Brett Michaels is the singer in the band Poison, his picture was up on the wall. I found this picture confusing. I wasn’t sure if it was a man or a woman. It amused me the idea that this hard, heavy, macho, sexist genre of music produced so many stars who were sexually dubious. When someone told me it was Brett Michaels I was very much, “Oh, ok then”. Whether a man or a woman wore make-up didn’t bother me either way. Do what you want was in my mind. I don’t think it was a rule to be explained to people as it is now but it was there in my conscious.

Brett Michaels

These days I feel I have to explain to the world that people can do what they want [within the realms of the current socially-liberal laws] that makes them happy as long as it’s consensual. Two men, two women, four men, any combination, dress how you want, wear make up, do whatever. As long as it is consensual then feel free. I reckon that poster of Brett Michaels helped me start to build my ideas of society and its rules. Another time was the first Red Nose Day when I wore make up around the school for a laugh, I liked it.

I should probably talk about the music as that what these communications are about. I have had the album playing while I’ve been working at the computer and also writing this. I’m four songs in and haven’t had a bad song yet. It’s all good natured lovely rock songs. Brilliant stuff. Now to skip the songs a little to jog my memory.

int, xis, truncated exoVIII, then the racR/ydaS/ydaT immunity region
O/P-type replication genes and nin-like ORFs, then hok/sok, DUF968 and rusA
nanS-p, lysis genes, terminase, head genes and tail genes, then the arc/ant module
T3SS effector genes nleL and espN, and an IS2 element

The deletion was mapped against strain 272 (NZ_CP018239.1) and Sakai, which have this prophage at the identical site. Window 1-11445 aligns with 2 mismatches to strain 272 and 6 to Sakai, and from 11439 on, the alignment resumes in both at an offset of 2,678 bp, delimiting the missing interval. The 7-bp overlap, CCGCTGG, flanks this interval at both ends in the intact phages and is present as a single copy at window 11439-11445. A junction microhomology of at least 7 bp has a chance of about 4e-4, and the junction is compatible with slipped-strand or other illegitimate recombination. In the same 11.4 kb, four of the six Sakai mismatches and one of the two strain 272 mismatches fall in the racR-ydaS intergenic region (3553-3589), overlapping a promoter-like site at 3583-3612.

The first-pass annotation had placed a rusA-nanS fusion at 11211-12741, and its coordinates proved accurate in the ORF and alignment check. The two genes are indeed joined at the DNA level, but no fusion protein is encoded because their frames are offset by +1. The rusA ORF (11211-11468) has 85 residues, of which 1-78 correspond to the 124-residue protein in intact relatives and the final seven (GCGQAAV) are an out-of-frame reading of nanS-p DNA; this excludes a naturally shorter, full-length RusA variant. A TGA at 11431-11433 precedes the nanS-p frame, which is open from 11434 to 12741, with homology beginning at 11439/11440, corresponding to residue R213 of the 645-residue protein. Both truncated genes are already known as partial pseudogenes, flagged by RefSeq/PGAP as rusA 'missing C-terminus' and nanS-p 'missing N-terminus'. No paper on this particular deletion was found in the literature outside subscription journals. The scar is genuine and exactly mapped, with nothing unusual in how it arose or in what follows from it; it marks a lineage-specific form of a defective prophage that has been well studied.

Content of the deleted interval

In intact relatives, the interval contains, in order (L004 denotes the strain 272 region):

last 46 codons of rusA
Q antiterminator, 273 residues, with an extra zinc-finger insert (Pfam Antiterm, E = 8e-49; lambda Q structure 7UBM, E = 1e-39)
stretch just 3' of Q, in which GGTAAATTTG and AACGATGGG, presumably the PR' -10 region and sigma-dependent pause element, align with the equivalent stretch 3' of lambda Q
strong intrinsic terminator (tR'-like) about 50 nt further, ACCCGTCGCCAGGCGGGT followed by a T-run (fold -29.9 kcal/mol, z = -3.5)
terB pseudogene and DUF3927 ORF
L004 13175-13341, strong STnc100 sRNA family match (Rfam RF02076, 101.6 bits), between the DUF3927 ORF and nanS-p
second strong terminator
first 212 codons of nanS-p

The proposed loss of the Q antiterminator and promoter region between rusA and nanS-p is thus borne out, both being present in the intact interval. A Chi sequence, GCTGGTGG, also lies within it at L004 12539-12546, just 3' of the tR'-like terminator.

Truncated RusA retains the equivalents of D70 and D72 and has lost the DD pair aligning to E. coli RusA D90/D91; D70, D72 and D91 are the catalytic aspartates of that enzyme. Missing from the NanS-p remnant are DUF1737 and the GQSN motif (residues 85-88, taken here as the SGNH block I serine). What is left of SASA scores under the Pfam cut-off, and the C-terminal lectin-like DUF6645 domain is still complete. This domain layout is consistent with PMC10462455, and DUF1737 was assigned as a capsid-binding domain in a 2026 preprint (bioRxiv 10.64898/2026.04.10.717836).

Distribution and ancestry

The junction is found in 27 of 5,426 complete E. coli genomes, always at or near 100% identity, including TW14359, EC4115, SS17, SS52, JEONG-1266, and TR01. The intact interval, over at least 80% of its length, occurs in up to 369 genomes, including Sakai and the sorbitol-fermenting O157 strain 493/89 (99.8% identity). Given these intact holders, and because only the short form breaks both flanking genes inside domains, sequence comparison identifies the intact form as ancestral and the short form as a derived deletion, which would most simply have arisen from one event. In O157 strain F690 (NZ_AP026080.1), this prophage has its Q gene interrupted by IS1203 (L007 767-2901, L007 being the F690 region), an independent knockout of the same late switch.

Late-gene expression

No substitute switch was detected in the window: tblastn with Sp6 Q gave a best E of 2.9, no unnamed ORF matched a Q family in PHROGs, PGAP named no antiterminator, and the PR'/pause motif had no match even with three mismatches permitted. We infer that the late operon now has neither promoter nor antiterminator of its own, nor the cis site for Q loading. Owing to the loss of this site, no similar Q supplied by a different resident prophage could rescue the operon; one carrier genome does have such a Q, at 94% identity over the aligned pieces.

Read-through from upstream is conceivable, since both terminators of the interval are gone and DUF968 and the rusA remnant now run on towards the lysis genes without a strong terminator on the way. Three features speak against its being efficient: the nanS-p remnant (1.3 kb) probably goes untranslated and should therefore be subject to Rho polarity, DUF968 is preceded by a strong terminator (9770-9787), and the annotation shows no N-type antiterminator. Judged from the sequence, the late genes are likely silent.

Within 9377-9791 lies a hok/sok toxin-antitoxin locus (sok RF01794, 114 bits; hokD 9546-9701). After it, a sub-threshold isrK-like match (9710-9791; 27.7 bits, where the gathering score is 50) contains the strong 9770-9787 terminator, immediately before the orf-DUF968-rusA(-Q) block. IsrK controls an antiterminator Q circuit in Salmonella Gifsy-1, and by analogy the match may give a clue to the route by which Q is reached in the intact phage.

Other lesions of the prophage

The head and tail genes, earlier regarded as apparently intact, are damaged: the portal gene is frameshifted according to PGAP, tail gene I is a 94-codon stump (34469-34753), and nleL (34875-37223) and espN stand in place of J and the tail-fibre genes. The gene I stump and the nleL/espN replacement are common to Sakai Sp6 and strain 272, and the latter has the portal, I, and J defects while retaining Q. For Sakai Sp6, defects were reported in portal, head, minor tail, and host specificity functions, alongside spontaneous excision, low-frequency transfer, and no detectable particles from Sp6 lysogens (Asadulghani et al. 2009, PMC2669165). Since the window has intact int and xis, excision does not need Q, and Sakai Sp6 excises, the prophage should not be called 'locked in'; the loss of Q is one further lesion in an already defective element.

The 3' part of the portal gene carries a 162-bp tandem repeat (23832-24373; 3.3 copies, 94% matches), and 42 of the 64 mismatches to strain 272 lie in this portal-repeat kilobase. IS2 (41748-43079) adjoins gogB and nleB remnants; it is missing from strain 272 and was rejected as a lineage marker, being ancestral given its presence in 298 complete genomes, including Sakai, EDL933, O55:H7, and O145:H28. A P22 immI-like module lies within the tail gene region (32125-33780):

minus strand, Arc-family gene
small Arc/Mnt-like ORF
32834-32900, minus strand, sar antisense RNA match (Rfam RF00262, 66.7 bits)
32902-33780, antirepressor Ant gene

Look But Can’t Touch has an amazing opening riff and I reckon it would make an amazing thrash song or even some decent aggrotech. I wonder if I can make the other half of my art collektiv give this a working over?

  • Love On The Rocks
  • Nothin’ But A Good Time
  • Back To The Rocking Horse
  • Good Love
  • Tearin’ Down The Walls
  • Look But You Can’t Touch
  • Fallen Angel
  • Every Rose Has Its Thorn
  • Your Mama Don’t Dance
  • Livin’ For The Minute

I’m going to put my neck out and state that Your Mama Don’t Dance is the weakest song with it’s bullshit rock ‘n’ roll riff. It’s a popular song but it misses the mark as far as I am concerned. Then there’s “Every Rose”; It’s an amazing song but I think it’s been over done in my head, slightly over cooked, it’s too big, it’s so well known. “Rose” is a great song, it’s just too much now.

Every song on this album is excellent and it’s a very good BBQ summer, outdoors album where no one would dare be offended. I do love my 80s cock-rock and I love this album.

Once More ‘Round The Sun – Mastodon

I got this album because I went to see Mastodon play at the Brixton Academy. I was quite impressed with the album, it’s complex and has a unique style. I don’t think I’ve really listened to it since I went to the gig though.

A strange thing popped out of this for me, I think the drummer sounds a lot like Nicko McBrain when he drums. I’m not wordy enough to be able to explain but there’s something in the complexity of the fills and rolling beats that reminds me of Iron Maiden.